Sadly, we are letting our nation literally crumble around us.
Throughout the country we have deferred the maintenance on our public infrastructure to the point where the roads, bridges, public buildings, water lines, sewage treatment plants, and dams that service our nation's primary economic centers are all now well beyond their planned life cycles.
It turns out that spending on our national infrastructure, besides guaranteeing that our national economy keeps moving, is also a wise investment.
A February 2012 study found that, in the short-run, $1 spent on infrastructure construction produces roughly double, about $1.92, the initial spending in direct and indirect economic output.
Conducted by researchers at the College of William and Mary’s Thomas Jefferson Program in Public Policy, the study also found that when looking at an infrastructure project over 20 years, every dollar of investment generated an accumulated $3.21 in economic activity.
Other studies have shown similar results.
When Moody's--one of the nation's largest credit rating agencies--looked at public infrastructure spending resulting from the 2009 federal stimulus, it found that for every $1 spent, $1.57 was returned to the economy.
A Congressional Budget Office report found that some of the projects funded by the same stimulus reached a return to the economy as high as 2.2 times the investment.
An October 2011 study released by the New America Foundation stated, "Indeed, long-term investment in public infrastructure is the best way simultaneously to create jobs, crowd in private investment, make the economy more productive, and generate a multiplier of growth in other sectors of the economy."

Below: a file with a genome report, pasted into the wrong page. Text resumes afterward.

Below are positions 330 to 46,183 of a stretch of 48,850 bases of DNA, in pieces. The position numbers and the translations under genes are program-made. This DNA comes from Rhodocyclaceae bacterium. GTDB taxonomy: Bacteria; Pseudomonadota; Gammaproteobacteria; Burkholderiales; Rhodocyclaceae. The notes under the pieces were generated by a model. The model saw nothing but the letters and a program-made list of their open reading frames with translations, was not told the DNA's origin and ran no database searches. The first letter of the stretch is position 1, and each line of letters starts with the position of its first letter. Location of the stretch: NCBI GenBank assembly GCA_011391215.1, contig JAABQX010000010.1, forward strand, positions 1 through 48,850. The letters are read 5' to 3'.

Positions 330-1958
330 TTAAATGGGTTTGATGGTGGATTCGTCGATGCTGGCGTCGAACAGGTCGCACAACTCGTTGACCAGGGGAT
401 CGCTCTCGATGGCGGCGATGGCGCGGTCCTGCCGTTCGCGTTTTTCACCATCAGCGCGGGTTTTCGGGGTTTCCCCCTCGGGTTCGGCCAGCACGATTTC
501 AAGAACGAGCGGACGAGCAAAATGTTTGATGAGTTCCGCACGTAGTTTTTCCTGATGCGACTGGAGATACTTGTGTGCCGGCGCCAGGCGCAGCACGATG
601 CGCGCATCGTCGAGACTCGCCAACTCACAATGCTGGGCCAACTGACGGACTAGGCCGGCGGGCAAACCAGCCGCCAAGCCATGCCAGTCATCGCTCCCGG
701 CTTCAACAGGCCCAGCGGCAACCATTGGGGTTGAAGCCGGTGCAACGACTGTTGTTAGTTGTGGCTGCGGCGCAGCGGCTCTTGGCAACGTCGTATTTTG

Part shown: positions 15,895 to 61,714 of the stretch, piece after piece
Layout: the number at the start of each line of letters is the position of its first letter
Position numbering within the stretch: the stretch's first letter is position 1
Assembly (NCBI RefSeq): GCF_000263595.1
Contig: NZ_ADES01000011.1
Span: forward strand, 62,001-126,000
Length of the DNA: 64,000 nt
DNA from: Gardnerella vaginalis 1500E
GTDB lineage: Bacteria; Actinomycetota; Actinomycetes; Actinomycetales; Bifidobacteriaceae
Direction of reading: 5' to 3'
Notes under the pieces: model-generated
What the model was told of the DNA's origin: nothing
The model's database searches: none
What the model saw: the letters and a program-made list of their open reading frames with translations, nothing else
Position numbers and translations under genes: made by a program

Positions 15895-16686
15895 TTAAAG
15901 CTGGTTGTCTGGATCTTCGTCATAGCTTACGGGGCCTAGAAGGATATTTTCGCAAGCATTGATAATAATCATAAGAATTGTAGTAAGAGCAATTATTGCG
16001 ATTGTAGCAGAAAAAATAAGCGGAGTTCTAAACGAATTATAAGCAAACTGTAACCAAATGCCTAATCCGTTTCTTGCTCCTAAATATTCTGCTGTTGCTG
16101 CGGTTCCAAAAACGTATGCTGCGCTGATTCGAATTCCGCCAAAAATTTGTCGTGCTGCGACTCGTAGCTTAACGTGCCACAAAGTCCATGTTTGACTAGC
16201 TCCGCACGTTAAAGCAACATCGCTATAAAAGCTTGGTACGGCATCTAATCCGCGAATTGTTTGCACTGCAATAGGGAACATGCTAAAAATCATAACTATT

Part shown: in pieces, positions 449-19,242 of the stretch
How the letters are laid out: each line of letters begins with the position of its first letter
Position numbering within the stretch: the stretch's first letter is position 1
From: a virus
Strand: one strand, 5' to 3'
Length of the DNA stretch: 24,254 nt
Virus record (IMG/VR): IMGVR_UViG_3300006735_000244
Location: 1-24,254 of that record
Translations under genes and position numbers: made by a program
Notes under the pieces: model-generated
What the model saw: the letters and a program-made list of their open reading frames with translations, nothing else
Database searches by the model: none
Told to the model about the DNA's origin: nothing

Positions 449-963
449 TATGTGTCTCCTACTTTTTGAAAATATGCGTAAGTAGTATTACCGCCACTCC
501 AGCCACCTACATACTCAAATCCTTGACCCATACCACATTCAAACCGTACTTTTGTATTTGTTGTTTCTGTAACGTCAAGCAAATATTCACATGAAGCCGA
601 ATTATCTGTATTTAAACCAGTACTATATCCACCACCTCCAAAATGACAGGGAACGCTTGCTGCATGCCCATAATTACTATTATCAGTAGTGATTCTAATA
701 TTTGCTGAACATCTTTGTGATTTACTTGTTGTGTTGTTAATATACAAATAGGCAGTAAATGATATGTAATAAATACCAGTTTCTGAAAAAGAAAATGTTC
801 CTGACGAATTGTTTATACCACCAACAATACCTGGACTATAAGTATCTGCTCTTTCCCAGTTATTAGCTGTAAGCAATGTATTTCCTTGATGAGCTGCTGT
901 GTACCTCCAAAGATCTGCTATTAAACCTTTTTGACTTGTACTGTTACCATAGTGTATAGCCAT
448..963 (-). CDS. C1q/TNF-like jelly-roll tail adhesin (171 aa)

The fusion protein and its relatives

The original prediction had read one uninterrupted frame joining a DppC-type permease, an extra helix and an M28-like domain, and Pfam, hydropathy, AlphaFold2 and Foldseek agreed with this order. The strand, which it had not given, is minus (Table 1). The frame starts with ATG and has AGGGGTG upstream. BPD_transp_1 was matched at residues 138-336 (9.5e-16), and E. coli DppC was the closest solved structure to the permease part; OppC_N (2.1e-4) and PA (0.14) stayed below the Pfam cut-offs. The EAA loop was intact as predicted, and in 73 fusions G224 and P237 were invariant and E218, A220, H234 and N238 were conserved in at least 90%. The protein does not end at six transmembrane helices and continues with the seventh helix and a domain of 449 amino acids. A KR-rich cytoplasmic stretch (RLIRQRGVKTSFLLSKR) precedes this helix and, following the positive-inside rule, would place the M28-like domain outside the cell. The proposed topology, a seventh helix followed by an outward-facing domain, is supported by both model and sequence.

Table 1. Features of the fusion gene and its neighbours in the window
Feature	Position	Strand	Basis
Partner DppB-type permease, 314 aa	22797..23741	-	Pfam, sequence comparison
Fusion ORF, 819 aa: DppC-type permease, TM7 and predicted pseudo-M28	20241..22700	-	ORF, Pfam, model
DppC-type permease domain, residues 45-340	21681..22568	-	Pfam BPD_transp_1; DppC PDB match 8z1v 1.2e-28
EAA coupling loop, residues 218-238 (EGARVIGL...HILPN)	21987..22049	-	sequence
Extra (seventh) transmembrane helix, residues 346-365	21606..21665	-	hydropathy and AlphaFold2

However, investment requires money, and in these tough economic times, funds are scarce. But there are options.
As the William and Mary's study concluded, "In order to adequately fund public infrastructure, the U.S. must seek innovative new funding mechanisms that do not burden rising deficits, and likely must stimulate the private sector."
One such solution offered by the study is public-private partnerships, which my experience has shown are powerful options worth considering in certain situations and under certain ground rules.
A perfect example is the Downtown Long Beach courthouse. I worked at the state level to secure funding for this project, which brought together the City of Long Beach, Los Angeles County, and the State with a private developer.
The unique $490 million project is being delivered under a Performance-Based Infrastructure contracting method. This essentially requires the contractor to build the project on his or her dime before getting paid by the state over a 30-year period.
This PBI contract method should assure that this public project, being built by blue-collar union labor meeting the highest quality construction standards, will be delivered at a reduced cost.
Another example is the Gerald Desmond Bridge replacement project in the Port of Long Beach, which saw an inter-governmental partnership bring together nearly a $1 billion in funding.
No single branch of the government could afford the project alone, so, while I worked on securing more than $500 million at the state level, members of the federal government worked to bring in about $300 million. The port put up $115 million and even the regional county government offered nearly $30 million for the project, which has been deemed by the federal government as a project of "national significance."
In addition to the economic return, just these two projects alone promise to create tens of thousands of jobs over the next several years, further adding to the economy.
Imagine these types of projects multiplied across the nation.